How important is background screening?

Survey reveals “major area” of potential exposure among APAC employers

How important is background screening?
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road majority (70%) of employers around the world have uncovered issues with job candidates that may have gone unnoticed without background screening, according to a recent survey by screening firm HireRight. This marks an increase from the 59% recorded in 2016.

“With every new hire, there are risks involved with the possibility of hiring a candidate who is not what they claim to be,” said Camilla de Villiers, managing director of Asia Pacific (APAC) at HireRight. “Common issues uncovered in background screening include falsified identities, misreported job histories, and discrepancies in educational qualifications.”

Results came from surveys of more than 4,500 human resources, recruiting, compliance, and management professionals worldwide, with over 400 from APAC.

In particular, HireRight found a “major area” of potential exposure to APAC employers, as just 28% rescreen employees either periodically or when being promoted or changing roles. “[A]n employee’s personal history may have changed in a way that could affect their abilities or behaviour within the workplace.”

Less than half (48%) of APC firms screen international employees, despite an increasingly diverse and global workforce. In contrast, 83% of them said they screened local employees.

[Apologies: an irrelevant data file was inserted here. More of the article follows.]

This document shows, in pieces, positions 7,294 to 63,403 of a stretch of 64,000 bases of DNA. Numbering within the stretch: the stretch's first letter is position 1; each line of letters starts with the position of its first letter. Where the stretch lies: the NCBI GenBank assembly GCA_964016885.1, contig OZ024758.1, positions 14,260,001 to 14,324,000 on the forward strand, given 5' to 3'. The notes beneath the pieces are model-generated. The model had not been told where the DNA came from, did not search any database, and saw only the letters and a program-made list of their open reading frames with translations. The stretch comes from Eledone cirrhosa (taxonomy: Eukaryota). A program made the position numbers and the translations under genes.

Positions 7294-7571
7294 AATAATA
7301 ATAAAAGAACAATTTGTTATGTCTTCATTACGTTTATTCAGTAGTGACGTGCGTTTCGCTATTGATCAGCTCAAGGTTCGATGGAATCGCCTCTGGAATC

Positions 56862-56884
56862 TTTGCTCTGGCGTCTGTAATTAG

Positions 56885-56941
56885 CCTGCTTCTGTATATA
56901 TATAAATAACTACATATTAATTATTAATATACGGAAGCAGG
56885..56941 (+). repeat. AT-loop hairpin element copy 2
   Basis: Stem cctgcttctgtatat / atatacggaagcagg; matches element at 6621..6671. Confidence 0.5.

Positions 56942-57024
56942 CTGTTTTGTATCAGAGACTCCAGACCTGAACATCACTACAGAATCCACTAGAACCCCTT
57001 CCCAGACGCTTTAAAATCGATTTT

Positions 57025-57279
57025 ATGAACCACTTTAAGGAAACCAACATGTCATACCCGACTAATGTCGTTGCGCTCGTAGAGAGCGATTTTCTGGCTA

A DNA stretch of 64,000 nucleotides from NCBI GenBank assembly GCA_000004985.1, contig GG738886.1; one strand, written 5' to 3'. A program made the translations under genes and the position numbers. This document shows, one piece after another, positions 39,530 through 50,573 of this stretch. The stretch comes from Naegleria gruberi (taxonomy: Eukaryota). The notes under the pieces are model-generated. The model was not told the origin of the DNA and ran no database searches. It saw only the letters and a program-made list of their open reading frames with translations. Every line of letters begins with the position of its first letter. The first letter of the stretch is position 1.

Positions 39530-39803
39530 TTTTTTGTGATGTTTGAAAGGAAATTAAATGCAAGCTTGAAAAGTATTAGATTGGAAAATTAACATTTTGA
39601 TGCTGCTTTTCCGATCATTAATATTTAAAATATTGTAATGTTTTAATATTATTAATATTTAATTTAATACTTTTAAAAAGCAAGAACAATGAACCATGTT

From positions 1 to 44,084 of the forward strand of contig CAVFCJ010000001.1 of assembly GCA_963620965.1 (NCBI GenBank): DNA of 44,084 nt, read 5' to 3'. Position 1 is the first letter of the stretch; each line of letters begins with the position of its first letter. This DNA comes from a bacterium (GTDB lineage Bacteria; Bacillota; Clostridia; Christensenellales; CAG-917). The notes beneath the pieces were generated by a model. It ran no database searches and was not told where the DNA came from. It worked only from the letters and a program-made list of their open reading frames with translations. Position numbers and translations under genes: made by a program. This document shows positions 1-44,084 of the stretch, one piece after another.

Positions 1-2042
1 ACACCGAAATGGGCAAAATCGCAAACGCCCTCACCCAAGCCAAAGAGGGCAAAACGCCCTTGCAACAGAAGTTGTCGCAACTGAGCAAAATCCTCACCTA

Results also showed that more organisations are utilising non-employee, contingent, contract or temporary workers to meet hiring demands – but screening this population has not yet become commonplace.

Just a quarter of employers perform screening of non-employees – “despite the fact that these workers have the same access as would a traditional employee to office premises, sensitive data and clients.”

Separate research from HireRight in 2016 found that 21.5% of job applications in the Asia Pacific region submit inaccurate background information. The figure is almost thrice the global average (9.7%), but is still lower than the previous year’s 29%.

Japan had the highest rate of discrepancies (33.9%), while the Philippines notched the biggest drop from 47.6% to 29.8%. 

Related stories:
More than 20% of APAC job applicants submit inaccurate information, research says
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